Considering that both the Shetland pony and Shetland sheepdog are named after their archipelago of origin, it makes perfect sense that they would somewhat be considered its animal symbols. The pony is even featured on Shetland’s coat of arms, while other domesticated animals, such as the Shetland sheep and Shetland duck, can represent the island’s culture.
The creature that appears sporadically across Shetland’s capital is a much more unlikely representative. It has no real cultural connection to the land, and in fact, is quite uncommon. That small animal is the snail.
While slugs and water snails are common across the nearly 100 islands of Shetland, their shelled, land-based gastropod relatives are much less so. In fact, Unst, the most northerly inhabited island of the archipelago, might have documented its first garden snails as early as 2008.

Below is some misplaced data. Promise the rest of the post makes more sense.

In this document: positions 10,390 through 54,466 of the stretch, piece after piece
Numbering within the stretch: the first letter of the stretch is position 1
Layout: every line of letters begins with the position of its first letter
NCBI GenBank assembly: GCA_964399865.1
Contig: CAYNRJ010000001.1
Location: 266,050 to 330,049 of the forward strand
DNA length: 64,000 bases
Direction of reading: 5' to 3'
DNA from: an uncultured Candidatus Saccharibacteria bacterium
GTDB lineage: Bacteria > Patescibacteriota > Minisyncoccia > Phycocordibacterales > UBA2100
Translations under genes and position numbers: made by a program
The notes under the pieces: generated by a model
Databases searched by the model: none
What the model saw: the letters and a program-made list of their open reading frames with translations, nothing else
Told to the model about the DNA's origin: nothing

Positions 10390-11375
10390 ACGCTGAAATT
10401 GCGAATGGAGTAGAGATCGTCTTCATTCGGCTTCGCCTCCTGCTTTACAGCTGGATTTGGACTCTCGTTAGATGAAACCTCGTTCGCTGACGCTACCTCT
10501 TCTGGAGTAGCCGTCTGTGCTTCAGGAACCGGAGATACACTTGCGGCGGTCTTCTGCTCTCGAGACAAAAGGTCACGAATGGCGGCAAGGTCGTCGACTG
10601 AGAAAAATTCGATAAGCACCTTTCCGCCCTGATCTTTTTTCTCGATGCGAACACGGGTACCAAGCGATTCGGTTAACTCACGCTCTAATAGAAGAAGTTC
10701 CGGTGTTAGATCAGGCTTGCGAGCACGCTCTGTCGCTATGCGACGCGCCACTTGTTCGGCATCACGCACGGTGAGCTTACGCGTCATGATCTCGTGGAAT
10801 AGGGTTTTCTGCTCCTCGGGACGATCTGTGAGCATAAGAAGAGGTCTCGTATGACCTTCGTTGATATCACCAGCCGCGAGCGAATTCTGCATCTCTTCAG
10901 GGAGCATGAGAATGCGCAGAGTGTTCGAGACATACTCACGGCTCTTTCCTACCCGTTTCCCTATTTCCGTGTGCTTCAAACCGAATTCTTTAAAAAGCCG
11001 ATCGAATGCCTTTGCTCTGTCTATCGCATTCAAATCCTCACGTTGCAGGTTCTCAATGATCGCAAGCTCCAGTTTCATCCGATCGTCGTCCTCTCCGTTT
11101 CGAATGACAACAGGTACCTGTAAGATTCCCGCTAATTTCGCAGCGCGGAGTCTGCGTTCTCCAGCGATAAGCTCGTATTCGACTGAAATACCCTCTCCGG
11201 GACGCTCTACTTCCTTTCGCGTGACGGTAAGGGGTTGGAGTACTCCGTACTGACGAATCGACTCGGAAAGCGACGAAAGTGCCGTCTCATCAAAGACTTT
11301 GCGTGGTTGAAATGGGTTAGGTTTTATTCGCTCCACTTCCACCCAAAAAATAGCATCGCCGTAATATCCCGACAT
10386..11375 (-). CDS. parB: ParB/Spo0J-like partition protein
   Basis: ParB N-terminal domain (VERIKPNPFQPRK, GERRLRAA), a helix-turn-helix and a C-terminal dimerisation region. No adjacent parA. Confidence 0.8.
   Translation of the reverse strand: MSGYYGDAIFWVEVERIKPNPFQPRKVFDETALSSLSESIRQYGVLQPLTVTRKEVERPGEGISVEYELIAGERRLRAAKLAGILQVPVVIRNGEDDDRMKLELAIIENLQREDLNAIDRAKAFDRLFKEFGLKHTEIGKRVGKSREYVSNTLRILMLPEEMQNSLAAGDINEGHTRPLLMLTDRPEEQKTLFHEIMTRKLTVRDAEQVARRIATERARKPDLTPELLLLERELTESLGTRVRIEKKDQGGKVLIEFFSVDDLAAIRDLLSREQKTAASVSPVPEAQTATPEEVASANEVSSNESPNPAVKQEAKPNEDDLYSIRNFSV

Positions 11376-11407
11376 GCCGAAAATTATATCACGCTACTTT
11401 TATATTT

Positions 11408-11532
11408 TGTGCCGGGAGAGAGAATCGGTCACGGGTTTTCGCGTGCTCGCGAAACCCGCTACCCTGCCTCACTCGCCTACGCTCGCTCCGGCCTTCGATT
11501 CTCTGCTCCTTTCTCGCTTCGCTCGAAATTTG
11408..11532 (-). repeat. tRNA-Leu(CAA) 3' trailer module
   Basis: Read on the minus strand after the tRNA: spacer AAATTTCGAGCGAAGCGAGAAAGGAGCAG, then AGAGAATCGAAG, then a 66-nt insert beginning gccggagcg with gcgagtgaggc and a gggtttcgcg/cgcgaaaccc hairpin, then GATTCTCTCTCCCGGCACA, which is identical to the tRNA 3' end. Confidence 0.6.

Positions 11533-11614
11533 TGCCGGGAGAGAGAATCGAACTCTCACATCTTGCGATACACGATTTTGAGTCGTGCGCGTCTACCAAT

The Lerwick snails are a collection of stickers of land-based gastropods, which appear on public signs across town. There is very little information about their authorship or the reason behind an animal so uncommon to the islands being chosen for these signs. However, it does appear that they were first documented online in 2013 and have been either maintained or reapplied ever since. They have gained somewhat of a cult following and appreciation among Lerwick’s inhabitants.
Know Before You Go
The snail stickers can be seen on several road and public signs across Lerwick. The location on the map corresponds to a humps warning sign on Commercial Street, near the famous Lodberrie house.
The "No Tipping" sign is located on one of the entrances to The Knab's park.